Canadian Manufacturing

UPS tests drone that launches from delivery truck

Workhorse Group, an Ohio-based drone developer, created the autonomously operated, battery-powered drone and the truck that deploys it

February 22, 2017   by Canadian Staff

This test demonstrates the viability of drones as a part of UPS’ day-to-day deliveries. PHOTO: UPS Canada Ltd.

MISSISSAUGA, Ont.—UPS is experimenting with drones that can fly without an operator.

The company announced Feb. 21 that it has successfully tested a drone that launches from the top of a delivery truck, autonomously delivers a package to a home and then returns to the vehicle while the driver continues along the route to make a separate delivery.

UPS conducted the test Feb. 20 in Tampa, Florida.

Workhorse Group, an Ohio-based battery-electric truck and drone developer, built the drone and the electric delivery truck used in the test.


Workhorse’s drone docks on the roof of the delivery truck. A cage suspended beneath the drone, extends through a hatch into the truck. A driver inside loads a package into the cage and presses a button on a touch screen, sending the drone on a preset autonomous route to an address. The battery-powered drone recharges while it’s docked. It has a 30-minute flight time and can carry a package weighing up to 10 lb.

UPS has been testing automation and robotics technologies, including drones, for years.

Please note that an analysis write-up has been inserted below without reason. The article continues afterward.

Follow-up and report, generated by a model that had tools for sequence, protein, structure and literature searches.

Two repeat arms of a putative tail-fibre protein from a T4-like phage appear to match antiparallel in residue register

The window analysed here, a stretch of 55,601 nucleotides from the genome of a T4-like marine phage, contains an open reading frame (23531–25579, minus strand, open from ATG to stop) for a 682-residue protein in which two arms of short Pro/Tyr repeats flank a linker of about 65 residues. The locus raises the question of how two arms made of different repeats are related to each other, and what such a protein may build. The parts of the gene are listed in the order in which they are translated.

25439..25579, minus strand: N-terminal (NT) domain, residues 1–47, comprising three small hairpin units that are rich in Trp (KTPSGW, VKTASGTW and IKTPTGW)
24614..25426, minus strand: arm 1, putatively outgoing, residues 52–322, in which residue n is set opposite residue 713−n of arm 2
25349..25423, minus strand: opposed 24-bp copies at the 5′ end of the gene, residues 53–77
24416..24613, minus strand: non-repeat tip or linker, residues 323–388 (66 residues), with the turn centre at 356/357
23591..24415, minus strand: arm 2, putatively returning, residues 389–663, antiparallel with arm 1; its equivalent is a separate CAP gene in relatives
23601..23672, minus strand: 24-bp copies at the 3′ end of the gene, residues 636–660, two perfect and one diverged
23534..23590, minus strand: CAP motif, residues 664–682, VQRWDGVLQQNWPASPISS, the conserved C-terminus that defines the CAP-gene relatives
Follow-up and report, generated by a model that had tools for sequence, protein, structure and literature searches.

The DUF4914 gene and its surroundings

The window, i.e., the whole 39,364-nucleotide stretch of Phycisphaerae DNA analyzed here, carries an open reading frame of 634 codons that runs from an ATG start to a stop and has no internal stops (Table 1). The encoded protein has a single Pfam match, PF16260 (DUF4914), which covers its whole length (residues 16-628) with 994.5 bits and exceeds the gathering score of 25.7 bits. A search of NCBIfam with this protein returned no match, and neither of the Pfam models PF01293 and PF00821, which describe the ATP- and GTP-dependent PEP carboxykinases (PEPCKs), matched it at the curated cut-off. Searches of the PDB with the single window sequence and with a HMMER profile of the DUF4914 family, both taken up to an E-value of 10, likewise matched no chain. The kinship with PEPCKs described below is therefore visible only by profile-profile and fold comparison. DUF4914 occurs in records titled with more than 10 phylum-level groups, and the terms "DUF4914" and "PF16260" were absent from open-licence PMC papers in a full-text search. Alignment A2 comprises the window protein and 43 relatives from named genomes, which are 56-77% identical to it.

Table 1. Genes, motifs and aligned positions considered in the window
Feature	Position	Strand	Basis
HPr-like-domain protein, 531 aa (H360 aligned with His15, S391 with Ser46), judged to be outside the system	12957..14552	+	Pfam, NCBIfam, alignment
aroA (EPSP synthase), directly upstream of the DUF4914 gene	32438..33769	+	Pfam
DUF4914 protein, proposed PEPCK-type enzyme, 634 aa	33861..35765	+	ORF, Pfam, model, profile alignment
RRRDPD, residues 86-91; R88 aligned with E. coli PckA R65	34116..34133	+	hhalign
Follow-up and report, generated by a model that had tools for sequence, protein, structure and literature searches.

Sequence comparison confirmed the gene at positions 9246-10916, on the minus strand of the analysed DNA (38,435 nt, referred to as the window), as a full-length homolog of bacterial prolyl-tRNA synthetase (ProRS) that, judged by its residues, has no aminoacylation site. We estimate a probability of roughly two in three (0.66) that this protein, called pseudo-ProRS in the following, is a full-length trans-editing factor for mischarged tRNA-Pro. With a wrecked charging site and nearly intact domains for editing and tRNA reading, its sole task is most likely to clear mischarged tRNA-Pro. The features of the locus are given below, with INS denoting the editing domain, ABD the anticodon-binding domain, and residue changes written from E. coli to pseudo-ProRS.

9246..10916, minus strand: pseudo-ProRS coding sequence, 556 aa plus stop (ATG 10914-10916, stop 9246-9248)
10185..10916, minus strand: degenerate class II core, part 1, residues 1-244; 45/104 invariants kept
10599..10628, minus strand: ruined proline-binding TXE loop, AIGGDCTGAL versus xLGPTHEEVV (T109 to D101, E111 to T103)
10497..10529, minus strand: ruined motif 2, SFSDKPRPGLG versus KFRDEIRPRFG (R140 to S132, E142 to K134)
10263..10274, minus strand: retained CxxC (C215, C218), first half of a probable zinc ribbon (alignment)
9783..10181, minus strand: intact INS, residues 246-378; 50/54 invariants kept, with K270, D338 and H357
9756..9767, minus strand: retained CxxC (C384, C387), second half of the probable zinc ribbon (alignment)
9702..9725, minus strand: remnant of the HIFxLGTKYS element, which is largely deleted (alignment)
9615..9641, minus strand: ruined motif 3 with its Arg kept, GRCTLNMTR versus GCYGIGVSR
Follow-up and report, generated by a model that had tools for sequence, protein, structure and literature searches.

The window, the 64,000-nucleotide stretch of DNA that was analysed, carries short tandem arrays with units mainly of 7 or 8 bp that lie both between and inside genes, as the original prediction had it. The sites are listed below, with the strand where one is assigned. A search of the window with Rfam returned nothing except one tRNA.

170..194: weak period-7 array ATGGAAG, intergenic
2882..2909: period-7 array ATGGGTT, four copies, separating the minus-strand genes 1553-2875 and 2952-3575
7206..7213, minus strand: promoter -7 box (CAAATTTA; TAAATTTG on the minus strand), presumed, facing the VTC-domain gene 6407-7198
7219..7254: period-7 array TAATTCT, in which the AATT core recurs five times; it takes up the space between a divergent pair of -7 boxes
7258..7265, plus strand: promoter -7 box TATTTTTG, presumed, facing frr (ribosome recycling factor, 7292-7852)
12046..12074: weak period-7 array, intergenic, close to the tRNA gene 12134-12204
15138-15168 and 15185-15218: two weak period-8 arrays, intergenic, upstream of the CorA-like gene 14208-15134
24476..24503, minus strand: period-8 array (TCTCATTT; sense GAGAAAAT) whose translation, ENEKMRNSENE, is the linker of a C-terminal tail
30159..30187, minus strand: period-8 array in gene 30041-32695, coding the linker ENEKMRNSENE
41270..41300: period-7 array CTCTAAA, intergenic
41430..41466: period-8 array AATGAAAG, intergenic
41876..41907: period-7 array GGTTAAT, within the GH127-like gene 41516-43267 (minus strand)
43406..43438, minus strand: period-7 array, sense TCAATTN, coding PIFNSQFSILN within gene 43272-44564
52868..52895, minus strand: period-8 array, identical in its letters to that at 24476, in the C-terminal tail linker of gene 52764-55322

In September 2016, UPS staged a mock delivery of urgently needed medicine from Beverly, Massachusetts to an island three miles off the Atlantic coast.

Additionally, UPS is using drones extensively for humanitarian relief, partnering with third-party organizations to deliver life-saving blood and vaccines to hard-to-reach locations in Rwanda.

UPS is also utilizing drones to check inventory on high storage shelves in its warehouses.

Unlike all of the previous tests, the most recent UPS drone test shows how drones might assist in making non-urgent residential deliveries as part of the company’s day-to-day operations.

“Imagine a triangular delivery route where the stops are kilometres apart by road. Sending a drone from a package car to make just one of those deliveries can reduce costly kilometres driven. This is a big step toward bolstering efficiency in our network and reducing our emissions at the same time,” said Mark Wallace, senior vice-president of global engineering and sustainability, UPS.

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